Evaluating Medicaid coverage is also problematic. Even if the program data and survey data could be matched with respect to universe, simply comparing them would not tell the whole story. Because the Medicaid statistics come from separate state systems they are not unduplicated across states. If a child moves from one state to another and is enrolled in Medicaid in both states during the same fiscal year, the child will be counted in both states' statistics. In a survey, of course, this same child would be represented as a Medicaid recipient in only one state. Another factor confounding the comparison of survey and administrative estimates is the potential misreporting of Medicaid coverage as something else. Survey respondents may not be fully aware that the source of their medical coverage is Medicaid. States have developed alternative names for their programs and issued health insurance cards that resemble those issued by private insurers, perhaps persuading some Medicaid enrollees that their coverage is from a private source. Finally, a number of states run affiliated programs that do not receive federal reimbursement and whose enrollees, therefore, are not counted in the Medicaid program statistics. If such persons report their coverage in surveys as Medicaid, as seems likely, or if the Census Bureau interprets it and edits it as such, then the survey estimates of Medicaid coverage will include persons who are not counted in the administrative totals.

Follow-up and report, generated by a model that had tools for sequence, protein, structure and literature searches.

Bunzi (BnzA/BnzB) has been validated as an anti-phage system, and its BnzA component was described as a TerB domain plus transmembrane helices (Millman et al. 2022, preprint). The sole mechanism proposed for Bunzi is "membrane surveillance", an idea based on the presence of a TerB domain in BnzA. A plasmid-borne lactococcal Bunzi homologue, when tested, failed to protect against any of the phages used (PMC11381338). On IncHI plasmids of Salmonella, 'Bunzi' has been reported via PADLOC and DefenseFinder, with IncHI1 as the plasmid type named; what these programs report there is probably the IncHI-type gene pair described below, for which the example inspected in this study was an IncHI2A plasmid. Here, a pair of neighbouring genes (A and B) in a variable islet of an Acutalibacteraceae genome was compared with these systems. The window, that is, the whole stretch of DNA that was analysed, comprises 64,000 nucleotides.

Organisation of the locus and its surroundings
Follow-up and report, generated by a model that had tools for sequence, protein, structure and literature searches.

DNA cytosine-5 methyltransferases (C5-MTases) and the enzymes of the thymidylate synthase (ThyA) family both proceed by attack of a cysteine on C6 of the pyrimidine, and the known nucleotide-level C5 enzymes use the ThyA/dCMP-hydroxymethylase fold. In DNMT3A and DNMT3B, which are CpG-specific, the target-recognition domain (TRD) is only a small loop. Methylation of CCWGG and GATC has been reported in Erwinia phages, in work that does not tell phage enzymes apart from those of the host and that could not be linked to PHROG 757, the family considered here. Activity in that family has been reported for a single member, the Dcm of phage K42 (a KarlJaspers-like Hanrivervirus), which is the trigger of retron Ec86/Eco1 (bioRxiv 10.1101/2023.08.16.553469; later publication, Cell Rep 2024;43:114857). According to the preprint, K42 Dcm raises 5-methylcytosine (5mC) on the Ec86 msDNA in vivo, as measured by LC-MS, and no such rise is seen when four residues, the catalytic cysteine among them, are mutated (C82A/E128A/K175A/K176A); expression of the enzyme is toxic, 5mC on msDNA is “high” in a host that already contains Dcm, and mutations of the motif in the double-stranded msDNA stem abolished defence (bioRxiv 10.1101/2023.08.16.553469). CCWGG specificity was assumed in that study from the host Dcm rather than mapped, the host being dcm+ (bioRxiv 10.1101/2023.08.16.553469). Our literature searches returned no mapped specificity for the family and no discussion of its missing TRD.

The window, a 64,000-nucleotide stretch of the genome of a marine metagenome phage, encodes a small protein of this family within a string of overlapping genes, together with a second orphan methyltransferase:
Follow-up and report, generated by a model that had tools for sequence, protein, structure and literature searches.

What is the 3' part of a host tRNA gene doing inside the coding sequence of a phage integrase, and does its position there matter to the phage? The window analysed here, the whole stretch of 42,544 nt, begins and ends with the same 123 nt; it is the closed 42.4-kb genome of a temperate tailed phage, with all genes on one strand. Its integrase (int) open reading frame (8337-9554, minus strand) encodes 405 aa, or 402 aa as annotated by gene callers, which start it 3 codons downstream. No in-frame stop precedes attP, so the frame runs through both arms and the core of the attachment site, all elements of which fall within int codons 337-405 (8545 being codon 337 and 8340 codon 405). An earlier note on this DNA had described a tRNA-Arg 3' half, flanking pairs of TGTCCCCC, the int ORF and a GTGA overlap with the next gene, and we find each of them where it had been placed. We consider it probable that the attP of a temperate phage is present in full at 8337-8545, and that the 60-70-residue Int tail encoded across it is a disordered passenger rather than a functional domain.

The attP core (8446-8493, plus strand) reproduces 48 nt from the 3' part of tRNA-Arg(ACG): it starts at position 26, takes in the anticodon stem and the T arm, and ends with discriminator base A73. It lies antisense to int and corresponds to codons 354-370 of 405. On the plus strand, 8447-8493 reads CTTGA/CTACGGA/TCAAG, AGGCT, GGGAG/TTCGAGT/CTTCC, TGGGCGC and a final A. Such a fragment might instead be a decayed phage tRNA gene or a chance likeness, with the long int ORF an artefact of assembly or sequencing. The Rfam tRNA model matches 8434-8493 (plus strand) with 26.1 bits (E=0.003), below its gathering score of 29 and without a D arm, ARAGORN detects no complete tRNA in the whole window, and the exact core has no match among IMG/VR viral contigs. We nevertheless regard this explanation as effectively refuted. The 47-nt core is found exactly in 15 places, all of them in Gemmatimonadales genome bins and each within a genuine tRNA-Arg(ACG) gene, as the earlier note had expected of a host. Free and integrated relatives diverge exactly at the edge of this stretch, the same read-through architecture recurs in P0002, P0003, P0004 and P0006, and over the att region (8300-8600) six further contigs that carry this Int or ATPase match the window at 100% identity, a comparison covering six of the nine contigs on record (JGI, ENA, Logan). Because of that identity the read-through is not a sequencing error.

Impact of the Medicaid Undercount on Estimates of the Uninsured